DM Haight


The unfortunate reality we must all face at some point or another is that there is no way we can prepare for a second go around. Ten years after the fact and we imagine the nostalgia will hold up and grip us. In pro wrestling we know Hulk Hogan is a god. But we also know that watching him ten years ago was nothing like watching him twenty or thirty years ago. It’s definitely not the same today. The same can be said of any established franchise. Indiana Jones put his hat back on, but his return to the silver screen left more popcorn tossing than whip cracking. The fan boys didn’t like it. Nor will they like Sin City: A Dame to Kill For.

It only comes around once in a great while that a director can go from making a cult classic like Sin City, based off an already infamous comic series about violence, corruption, and sex, and then make a movie that not only kills the joy from its predecessor, but makes the directors look like jokes. It was built to succeed. Fantastic visuals, black and white with perfect pops of color, simple makeup designs, over the top stories, great action, campy. Perfection caught on film. Every person who ever enjoyed a noir could enjoy that film on some level. Its first installment was the personal favorite of every high schooler. Not just for the graphic nature of the film, but because the stories were not only intriguing, but played through with actors who were on the top of their game, making enormous films, or on the cusp of doing so.

Sin City 2 on the other hand, is stacked with actors who haven’t been in a mainstream film in years, many of whom are bored with the script they’re reciting, leaving nothing for the fans of the film to enjoy. The likes of Rosario Dawson are fixtures in the back ground, hardly there with purpose. Several characters have been replaced—some because of death, like Duncan’s role being given to Dennis Haysbert. Others, like Clive Owen and Devon Aoki, were right to steer clear of the mess they were heading for in Dwight and Miho, respectively. Dwight, being reduced to a relentlessly idiotic, mindless, and ignorant man leaves a sour taste in your mouth. Miho might as well be forgotten. She’s barely an afterthought.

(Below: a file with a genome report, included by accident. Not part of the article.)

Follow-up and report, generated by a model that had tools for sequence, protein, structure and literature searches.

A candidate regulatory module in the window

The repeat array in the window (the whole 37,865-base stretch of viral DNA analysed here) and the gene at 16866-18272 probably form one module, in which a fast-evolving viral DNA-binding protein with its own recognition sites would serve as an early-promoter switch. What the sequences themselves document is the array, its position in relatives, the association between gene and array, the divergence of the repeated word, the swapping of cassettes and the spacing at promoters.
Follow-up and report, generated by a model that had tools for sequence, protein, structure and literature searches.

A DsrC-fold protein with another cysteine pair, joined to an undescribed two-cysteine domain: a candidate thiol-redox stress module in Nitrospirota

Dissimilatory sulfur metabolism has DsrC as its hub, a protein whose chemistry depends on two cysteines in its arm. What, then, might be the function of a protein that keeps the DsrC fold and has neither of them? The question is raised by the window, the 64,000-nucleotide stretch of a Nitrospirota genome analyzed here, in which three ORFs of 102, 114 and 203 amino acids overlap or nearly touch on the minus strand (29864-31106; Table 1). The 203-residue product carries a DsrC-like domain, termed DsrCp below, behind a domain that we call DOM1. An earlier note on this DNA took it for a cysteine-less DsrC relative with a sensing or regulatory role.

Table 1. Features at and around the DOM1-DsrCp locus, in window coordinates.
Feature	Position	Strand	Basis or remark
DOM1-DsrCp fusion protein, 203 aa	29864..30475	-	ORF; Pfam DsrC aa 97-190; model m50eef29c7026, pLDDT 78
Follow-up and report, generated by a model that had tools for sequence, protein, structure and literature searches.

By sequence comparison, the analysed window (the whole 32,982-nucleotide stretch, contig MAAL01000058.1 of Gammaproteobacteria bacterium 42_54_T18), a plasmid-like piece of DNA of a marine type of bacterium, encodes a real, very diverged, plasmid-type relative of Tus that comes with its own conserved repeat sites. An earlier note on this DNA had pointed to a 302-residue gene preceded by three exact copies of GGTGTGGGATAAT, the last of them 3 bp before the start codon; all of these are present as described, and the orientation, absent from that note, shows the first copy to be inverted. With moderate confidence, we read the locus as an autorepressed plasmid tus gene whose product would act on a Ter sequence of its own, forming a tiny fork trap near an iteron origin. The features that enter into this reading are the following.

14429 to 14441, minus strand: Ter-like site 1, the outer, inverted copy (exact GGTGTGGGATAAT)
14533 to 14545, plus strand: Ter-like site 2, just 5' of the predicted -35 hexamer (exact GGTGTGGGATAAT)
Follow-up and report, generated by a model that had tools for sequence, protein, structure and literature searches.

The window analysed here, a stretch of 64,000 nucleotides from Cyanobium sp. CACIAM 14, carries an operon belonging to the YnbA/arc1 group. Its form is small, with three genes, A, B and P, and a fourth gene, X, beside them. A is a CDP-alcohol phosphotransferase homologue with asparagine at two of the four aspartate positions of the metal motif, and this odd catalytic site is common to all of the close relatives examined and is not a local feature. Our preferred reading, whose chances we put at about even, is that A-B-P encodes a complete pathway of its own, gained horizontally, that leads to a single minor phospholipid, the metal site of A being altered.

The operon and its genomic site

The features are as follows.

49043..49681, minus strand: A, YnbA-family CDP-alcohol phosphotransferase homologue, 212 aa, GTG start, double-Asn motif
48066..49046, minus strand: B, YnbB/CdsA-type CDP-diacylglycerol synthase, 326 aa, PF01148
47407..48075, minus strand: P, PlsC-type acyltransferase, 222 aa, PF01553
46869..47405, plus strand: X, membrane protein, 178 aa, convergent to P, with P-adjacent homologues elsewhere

That’s not to say Josh Brolin did not perform well. I’m sure he did fantastic for Frank Miller and Rodriguez. Both of whom have pushed out more camp than a Schumacher Batman flick. How is it entertaining to watch a bare knuckled Marv grip a taxi for five minutes while he runs down the list of reasons to kill? Why can’t he just lose the low humor and return to the Marv we all loved? You know, the one who killed a serial killer with his bare hands in revenge. The one who fought off guard dogs and died in the electric chair. Twice. How does it come to pass that Mickey Rourke goes from badass to plain bad in just two films? The over use of CGI definitely doesn’t help. The looney antics of a Marv gone wild are at least partially result of a more intense focus on CGI and green screens. This is a case of bigger not being better. Not even close. In the first ten minutes of the movie you know it’s not the Sin City you wanted to return to. It’s Joel Schumacher’s Gotham.

The big selling point of the film is sex. All sorts of nudity and scantily-clad women in strip clubs and Old Town. But it’s not the sex the film needs. Being naked for the sake of being naked does not make your film better or more edgy. It’s 2014. Eva Green’s goods were released for all to see more than a decade ago. Is it appealing to see Green bare all again? Yes. But it’s not the tilting point on the scale of bad or good for the film.

A better script with believable lines and fewer hokey and clunky phrases would have sufficed over the indulgence of gratuitous nudity and excessively silly violence. With a writer like Miller and a director of Rodriguez’s caliber, we were right to hope that Sin City: A Dame to Kill For would lend more to the legends and legacies of the first. But Alba’s Nancy looks annoyed to be there, Willis’ Hartigan is spectral for all the wrong reasons, and Joseph Gordon-Levitt’s Johnny, although intriguing, is left having his chapter mean nothing. Maybe that was the point, but if it was it was made poorly through inconsistent directing and half-hearted writing.

It’s a shame that A Dame to Kill For is so detached from what its predecessor was. Instead of expecting more of the same, an expansion, and maybe new, interesting characters, we should have been anticipating the complete demolition of what was. Frank Miller and Robert Rodriguez let us down again. Next time, I can’t say I’ll bother expecting much.

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